Then you need to be sure that you are known by the right people in the right companies. This is the most important part, but which companies are the right ones?  You have to know what would make a company right for you: size, location, culture, what they are working on, etc.  You won’t be able to find all of this online. 

You need someone inside the company who can tell you.  Do you already have this person in your career network?  Take them out to coffee!  Don’t hand them a resume – this is not a job interview!  Ask easy questions, opinions, feelings, etc.  Imagine yourself working in that environment. 

If this company seems to fit, get introduced to someone in the department you want to work in or check your career network for a potential colleague, not the boss.  Find out what problems the team is working on and how they talk about them.  Take notes.  Do NOT ask for a job – no begging.

Ensure that you will be remembered before they hire someone else, liked and trusted to be able to solve their problem(s).  This is all in the follow-up.

Now you can write a resume and will be interviewed. 

These are not difficult tasks.  But you need to do them.  The networking piece can be done well before you need a job.  Just keep in touch with the people in the companies you have decided would be good for you.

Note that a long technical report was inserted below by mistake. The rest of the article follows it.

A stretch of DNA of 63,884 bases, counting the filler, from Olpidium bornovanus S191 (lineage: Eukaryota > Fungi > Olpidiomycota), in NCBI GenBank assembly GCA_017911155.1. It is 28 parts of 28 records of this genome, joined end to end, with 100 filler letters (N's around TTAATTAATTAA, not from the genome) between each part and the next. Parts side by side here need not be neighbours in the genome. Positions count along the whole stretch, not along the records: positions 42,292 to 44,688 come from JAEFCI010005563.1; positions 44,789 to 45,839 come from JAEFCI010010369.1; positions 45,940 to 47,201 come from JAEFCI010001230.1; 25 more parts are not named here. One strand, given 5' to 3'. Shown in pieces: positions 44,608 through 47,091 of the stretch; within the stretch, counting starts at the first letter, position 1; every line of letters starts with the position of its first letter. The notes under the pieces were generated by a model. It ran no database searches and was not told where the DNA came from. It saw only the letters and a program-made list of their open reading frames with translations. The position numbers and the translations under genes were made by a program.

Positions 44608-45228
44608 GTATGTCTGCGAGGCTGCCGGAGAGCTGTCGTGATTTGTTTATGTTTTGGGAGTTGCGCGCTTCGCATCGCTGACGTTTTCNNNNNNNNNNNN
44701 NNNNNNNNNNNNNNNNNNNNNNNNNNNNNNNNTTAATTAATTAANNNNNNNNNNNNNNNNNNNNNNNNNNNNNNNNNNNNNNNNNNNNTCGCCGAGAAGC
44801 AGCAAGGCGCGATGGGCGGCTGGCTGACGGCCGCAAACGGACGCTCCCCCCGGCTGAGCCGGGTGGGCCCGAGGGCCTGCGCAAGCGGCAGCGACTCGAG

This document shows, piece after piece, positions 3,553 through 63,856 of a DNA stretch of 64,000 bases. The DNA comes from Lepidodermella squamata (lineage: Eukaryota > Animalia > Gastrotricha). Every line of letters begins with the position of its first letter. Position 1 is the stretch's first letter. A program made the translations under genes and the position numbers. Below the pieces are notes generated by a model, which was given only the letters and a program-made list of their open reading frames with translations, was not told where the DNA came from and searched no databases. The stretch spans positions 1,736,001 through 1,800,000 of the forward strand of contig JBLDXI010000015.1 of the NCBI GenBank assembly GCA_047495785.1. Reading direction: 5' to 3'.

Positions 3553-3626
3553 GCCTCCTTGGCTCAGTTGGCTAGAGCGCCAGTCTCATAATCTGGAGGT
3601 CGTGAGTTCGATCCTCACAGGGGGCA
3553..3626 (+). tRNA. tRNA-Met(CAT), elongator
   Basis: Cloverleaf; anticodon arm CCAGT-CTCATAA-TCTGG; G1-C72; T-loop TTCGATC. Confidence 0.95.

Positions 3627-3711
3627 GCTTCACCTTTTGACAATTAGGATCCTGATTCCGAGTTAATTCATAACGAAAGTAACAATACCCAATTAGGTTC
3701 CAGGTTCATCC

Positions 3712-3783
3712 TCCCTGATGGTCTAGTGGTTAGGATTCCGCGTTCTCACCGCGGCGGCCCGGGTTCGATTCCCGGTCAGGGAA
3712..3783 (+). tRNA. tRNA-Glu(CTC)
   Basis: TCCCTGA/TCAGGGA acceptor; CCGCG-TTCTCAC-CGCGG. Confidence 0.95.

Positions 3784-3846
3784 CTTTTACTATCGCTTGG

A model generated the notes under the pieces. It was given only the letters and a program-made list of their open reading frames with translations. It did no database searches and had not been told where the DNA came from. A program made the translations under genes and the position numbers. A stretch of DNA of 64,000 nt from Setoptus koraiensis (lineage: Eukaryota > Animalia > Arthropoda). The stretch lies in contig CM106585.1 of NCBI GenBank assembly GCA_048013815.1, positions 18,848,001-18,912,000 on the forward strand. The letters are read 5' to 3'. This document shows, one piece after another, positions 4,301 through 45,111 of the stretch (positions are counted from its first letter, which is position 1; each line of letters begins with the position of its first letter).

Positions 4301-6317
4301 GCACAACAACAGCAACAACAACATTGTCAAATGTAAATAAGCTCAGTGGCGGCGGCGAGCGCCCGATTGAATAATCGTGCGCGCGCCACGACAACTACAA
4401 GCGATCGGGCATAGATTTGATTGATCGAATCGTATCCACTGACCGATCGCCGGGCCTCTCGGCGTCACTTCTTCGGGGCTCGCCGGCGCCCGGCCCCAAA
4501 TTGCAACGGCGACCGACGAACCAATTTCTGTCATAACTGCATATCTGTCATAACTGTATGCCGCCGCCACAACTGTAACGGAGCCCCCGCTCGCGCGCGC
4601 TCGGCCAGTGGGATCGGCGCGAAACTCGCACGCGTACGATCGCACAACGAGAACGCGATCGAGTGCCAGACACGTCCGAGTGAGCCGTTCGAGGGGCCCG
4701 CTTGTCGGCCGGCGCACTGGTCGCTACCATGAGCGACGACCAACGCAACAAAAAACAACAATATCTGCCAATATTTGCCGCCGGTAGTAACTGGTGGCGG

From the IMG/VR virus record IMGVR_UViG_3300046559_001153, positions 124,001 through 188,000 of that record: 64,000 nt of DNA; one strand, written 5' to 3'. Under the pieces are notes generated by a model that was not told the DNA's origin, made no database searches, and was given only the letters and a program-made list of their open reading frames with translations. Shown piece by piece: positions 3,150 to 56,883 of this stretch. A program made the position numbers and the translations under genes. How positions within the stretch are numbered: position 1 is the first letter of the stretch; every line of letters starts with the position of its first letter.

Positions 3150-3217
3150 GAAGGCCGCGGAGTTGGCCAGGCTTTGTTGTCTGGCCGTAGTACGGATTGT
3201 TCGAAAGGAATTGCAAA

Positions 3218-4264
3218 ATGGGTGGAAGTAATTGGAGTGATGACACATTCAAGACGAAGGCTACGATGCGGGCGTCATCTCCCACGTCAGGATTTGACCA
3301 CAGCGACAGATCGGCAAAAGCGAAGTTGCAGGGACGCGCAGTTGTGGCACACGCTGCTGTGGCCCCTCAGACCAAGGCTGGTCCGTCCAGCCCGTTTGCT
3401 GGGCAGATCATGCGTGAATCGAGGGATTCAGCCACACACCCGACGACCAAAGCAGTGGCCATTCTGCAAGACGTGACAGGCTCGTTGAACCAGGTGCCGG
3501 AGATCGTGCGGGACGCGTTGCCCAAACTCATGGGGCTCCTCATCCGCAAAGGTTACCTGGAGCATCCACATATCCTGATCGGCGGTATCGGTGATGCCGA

Need more help?  Email me at

Are you managing your career or is it managing you?

Are you managing your career?  Or is it managing you?


Many people simply “fall” into their jobs.  Is that you?  Or did you spend quite a bit of time and effort learning your trade?  Why stop there?  Learn to manage your career as well – it is not as hard as what you have already learned.

The steps are simple:

Know what you want to do next

Know what you need in your next company

Know which companies offer that

Know who works there

Be known by the people in the companies you want to work in

Know what each company needs next

Follow up!

THEN write your resume

These things take time and you need to start before a job posting hits the internet.  You want to get one of the jobs that are filled at the “Who do we know?” level.

Need some help?